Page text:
KW: I was Danny once and I hated it. I had a lot more fun being the sleazy Sonny LaTierri guy because he was such a character. I was Doody most of the time, and then I directed it for some high school productions of it in Albuquerque because they knew I was doing it and they thought, “Hey, come on out, and we’ll give you a few bucks to do it.” So I got my fill of Grease.
SW: What brought you to L.A.?
KW: I kind of followed my girlfriend who I was dating in Albuquerque and she went out before I did and started going to auditions and told me that I was going to just dry up in Albuquerque. I was about 21 or something, I’m not positive, so I went out and got involved in going to auditions and doing shows, doing a lot of musical theater shows. One of the roles that I was noted for was the lead in Sweet Charity, I played the role of Oscar, and as a matter of fact I played opposite (Tony Award winning actress) Donna McKechnie in the Sacramento Music Circus.
And I did a TV few roles, I did a guest star part in the last year of The Fall Guy. I played an ex-con who skipped out on his bail to go to Vegas to an Elvis impersonating contest.
SW: Had you ever impersonated Elvis before?
KW: Well, I’d done Grease and I messed around with it in the bands just for joke. We were doing the Led Zeppelin/Van Halen songs and stuff, and then to Elvis. But Doody (in Grease) sings a song called “Magic Changes” and one of the director’s says, “Hey, you’re copping a really good Elvis thing on that. Let’s go for it.” So I ended up singing that full-on Elvis.
SW: Were you an Elvis fan?
KW: Yeah, I was. Being from a father who was pretty classical, Elvis was kind of tolerable. You know how he would sing “It’s Now or Never”? He kind of went for those notes, so my parents always felt he could sing well so they would tolerate us playing Elvis. My brother and I were always trying to do Elvis, just goofing around, but I didn’t start doing it professionally until I’d done Grease, and met a bunch of musicians and getting involved in some show bands. One of them is called the Rock Around the Clock Show which was led by Bobby Cochran who played in the band Steppenwolf as their guitar player and his uncle was Eddie Cochran, the one who sang and wrote “Summertime Blues.” That group got me involved doing Elvis live with bands, and it turned out that doing Elvis helped me a lot as far as paying bills. Definitely, he was always my favorite singer.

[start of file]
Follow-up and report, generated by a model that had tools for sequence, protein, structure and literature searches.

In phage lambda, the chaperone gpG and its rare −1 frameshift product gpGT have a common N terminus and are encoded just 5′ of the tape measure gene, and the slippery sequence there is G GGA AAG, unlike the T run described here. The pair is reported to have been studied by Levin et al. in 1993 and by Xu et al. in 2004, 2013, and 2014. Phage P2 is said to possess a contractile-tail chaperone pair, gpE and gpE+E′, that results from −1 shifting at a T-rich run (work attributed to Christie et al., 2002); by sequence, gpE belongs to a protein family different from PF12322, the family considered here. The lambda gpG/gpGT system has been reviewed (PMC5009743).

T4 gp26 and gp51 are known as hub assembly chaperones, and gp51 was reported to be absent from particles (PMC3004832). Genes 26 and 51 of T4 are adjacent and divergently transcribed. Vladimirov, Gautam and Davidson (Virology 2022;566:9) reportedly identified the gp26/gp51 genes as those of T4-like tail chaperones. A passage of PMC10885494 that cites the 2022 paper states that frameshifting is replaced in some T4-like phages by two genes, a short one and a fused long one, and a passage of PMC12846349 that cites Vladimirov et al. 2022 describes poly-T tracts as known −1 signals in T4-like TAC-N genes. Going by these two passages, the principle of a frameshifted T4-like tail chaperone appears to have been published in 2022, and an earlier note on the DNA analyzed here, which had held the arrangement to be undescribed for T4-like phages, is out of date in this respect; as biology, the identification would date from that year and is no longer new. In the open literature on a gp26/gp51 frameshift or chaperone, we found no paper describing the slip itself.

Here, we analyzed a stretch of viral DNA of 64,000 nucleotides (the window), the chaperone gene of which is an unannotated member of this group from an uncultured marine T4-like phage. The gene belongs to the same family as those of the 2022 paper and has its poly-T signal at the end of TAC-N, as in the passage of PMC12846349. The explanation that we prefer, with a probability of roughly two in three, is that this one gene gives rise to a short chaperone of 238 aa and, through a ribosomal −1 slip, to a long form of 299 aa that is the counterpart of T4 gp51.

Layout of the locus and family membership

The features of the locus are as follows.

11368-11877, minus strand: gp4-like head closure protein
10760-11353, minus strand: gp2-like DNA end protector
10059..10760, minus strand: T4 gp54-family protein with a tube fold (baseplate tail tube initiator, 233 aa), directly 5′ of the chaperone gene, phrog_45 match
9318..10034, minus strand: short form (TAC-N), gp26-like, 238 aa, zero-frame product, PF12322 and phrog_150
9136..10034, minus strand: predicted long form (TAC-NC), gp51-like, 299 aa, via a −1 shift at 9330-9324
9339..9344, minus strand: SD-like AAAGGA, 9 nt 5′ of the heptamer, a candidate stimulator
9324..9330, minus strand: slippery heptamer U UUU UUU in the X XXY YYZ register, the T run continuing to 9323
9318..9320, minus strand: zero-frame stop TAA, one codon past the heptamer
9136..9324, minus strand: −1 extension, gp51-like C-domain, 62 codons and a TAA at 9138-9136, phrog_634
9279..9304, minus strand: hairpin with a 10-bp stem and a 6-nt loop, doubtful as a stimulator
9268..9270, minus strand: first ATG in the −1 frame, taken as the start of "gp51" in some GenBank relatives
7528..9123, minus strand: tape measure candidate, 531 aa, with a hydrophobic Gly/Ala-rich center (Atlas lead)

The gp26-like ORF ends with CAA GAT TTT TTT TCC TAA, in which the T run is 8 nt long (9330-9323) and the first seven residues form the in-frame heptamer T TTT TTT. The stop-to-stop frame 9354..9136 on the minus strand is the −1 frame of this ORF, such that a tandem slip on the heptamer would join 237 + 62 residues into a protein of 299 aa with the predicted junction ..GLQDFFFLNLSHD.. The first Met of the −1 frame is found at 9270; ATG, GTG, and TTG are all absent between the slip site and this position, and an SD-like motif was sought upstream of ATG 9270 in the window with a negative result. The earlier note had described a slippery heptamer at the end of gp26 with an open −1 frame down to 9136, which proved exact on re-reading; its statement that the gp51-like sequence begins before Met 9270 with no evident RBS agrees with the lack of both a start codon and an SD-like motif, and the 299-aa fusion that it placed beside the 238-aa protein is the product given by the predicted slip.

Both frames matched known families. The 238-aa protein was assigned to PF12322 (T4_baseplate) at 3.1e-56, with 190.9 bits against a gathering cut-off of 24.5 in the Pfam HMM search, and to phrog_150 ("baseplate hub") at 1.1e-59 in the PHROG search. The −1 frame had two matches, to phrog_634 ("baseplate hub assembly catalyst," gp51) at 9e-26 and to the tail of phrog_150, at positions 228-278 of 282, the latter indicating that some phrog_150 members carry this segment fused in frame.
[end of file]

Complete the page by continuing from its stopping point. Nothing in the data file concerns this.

SW: It’s amazing how many bad Elvis impersonators there are today.
KW: I’m glad that you pointed that out because if you’ve ever seen me do Elvis, I do it with tongue in cheek. I do it like I’m doing a tribute to the Elvis impersonator. I embrace the schlocky smoke machines, I go, “I need a little smoke on this,” but I don’t make fun of Elvis. I won’t knock Elvis but I always make fun of those guys that do Elvis.
I used to try to do him disgruntled, I called myself the disgruntled Elvis impersonator, and it worked a few times, but some people wouldn’t get it.
SW: You mentioned that you did some TV roles like The Fall Guy. You had a role in General Hospital, didn’t you?
KW: Yes, that was awhile back. I did some little roles but I never got into any sitcoms and I never got sent out for the right parts. I ended up getting married early, about 27, and we had our daughter and I had to make things really tie together and I couldn’t depend on a show coming through all the time, so I ended up working at Disneyland.
THE GOLDEN HORSESHOE REVUE
KW: I got involved doing the Golden Horseshoe Revue, I was Dick Hardwick’s sub.
SW: Is that the first thing you did at Disneyland?
KW: Yeah, Stan Freese hired me. I did the traveling carpetbag salesman guy (made famous by Wally Boag), and I did a front headspring every show, until one show that I did it and I landed and it hurt so bad I couldn’t believe it. The band saw my face and they said they’ve seen all the comedians who did that front headspring, they said they all saw them do their last one. They said, “We just saw your last one,” and that was my last one.
SW: Did you specifically audition for the Horseshoe?